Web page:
Fujimoto describes clouds as objects with an exterior but without walls, plus a dynamic inner space. He created the work as ‘a place for everyone’ to emphasise diversity and tolerance worldwide – clouds are like a massive roof that we all share around the globe. The same pavilion is set up at two different locations in the city to mimic the ubiquity of clouds themselves.

Find them at: Yoyogi Park (near Panorama Grass Field), and inside Takanawa Gateway Station

‘Street Garden Theater’ designed by Teppei Fujiwara
Photo: Kisa Toyoshima; Street Garden Theater designed by Teppei Fujiwara

‘Street Garden Theater’ designed by Teppei Fujiwara

This wooden structure was designed by architect Teppei Fujiwara and represents a garden in the middle of Tokyo that highlights the balance between nature, people and the environment.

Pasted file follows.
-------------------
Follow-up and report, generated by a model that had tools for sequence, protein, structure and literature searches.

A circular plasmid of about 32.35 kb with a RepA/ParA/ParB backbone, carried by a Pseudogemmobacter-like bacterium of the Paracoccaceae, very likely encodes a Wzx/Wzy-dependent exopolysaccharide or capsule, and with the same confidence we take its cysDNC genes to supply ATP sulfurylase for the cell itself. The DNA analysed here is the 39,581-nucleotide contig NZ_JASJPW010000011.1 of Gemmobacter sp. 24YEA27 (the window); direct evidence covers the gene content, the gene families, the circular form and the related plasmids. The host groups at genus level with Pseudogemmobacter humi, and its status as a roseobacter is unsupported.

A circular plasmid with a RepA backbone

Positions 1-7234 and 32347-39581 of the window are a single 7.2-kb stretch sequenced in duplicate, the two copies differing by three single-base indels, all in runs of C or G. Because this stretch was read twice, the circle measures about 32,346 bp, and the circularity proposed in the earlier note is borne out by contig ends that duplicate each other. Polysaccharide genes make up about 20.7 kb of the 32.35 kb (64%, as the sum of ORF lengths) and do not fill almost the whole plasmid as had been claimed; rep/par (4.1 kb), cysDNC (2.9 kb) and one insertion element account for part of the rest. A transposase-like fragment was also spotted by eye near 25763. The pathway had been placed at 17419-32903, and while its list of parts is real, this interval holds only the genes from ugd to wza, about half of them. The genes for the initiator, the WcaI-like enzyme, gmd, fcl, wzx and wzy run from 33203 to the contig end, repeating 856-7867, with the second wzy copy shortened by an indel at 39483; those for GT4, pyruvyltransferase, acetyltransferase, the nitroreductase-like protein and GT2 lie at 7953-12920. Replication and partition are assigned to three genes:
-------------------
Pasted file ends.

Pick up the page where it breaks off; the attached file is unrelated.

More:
As Tokyo developed into a modern metropolis, greenery was added to the streets, turning the city into a large-scale garden. Through 'Street Garden Theater', Fujiwara provides visitors a chance to experience the growth and evolution of the on-site vegetation, and to deepen their relationship with nature.

The wooden framework has multiple layers, which you can access via steps and stairs. Sit down, take in the scenery, and enjoy being surrounded by different types of plants, flowers and herbs, such as tomato plants, morning glories, and rosemary.

Find it: In front of the former National Children’s Castle, 5-53-1 Jingumae, Shibuya

‘Tokyo Castle’ by Makoto Aida